The tiny size of these crystals—they measure a few micrometres in length and as little as some dozen atoms across—has been the main obstacle to their being studied with single-crystal diffraction techniques. For this experiment, the scientists collected samples of sepiolite fibres from twenty different deposits around the world. These fibres, each made of many crystals, were first imaged with electron-microscopy and then studied using X-ray powder diffraction.

However, the most accurate technique to resolve the three-dimensional structure of a crystal is single-crystal diffraction with either X-rays or electrons as probe. "To study very small crystals, the ESRF uses an X-ray beam with just 2 by 5 micrometres cross section. In the end, we collected X-ray diffraction data for two fibres", says Manuel Sanchez del Rio from the ESRF, "but the data were not easy to interpret, and needed extensive computer simulations to confirm and refine the information gathered by electron diffraction experiments done in parallel at the University Complutense of Madrid".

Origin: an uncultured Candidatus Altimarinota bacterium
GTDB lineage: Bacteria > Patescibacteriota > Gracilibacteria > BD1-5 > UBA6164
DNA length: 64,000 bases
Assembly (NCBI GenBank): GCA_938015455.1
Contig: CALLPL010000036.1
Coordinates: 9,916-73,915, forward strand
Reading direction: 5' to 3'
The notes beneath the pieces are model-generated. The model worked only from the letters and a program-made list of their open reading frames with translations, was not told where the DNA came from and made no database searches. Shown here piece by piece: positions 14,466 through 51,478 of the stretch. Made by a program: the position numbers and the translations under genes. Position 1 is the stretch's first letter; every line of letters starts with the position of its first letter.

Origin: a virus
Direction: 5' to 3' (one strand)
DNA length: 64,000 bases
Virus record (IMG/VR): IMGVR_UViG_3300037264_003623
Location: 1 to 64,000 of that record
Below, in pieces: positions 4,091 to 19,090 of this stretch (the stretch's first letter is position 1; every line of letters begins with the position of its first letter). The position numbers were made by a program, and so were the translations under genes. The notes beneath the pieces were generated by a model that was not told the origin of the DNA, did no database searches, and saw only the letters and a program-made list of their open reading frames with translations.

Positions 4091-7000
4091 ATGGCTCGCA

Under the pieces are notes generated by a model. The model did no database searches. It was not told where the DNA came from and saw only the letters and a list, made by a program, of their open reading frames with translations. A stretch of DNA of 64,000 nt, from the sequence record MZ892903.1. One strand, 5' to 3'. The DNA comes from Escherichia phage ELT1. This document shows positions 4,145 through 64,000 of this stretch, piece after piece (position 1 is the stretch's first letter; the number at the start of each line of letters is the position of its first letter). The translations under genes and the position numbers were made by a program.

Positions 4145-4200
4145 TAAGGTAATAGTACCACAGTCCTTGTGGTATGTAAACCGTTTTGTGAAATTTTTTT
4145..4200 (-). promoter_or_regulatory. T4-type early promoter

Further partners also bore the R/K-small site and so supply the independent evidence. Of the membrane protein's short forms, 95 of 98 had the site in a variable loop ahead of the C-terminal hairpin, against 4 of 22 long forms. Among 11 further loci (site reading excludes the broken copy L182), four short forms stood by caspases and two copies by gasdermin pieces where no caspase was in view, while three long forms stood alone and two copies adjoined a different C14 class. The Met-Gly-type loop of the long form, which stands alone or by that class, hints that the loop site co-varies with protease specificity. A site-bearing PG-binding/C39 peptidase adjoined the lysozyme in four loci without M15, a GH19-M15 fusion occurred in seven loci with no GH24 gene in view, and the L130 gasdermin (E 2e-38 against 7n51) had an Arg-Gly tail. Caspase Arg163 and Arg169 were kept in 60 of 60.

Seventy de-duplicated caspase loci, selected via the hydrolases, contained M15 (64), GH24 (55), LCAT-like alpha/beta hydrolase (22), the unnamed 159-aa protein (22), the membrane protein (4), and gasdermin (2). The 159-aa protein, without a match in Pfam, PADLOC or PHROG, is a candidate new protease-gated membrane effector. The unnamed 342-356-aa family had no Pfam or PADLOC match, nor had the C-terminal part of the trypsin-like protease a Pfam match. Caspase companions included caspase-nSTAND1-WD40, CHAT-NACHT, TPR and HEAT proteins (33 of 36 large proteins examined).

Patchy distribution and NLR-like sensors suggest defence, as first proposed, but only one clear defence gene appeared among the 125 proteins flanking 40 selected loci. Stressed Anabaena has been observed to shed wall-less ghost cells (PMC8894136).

The wide variety of sepiolites studied is now enabling the team to correlate between the physical and chemical properties of a given type with its atomic structure. "Today, no synthetic clay surpasses natural sepiolite. This is about to change as our understanding of their atomic structure will guide the synthesis of sepiolites from other, more abundant clay minerals and the design of completely new materials for use in catalysis and batteries", says Mercedes Suárez from the University of Salamanca.

"The future of sepiolites in the household is outside the litterbox. Already today, they absorb liquid spillages and odours and stabilise aqueous products like paints, resins and inks. In synthetic form, they could bind food products and stabilise drugs, extending their shelf life and making sepiolite an edible product", concludes Manuel Sanchez del Rio.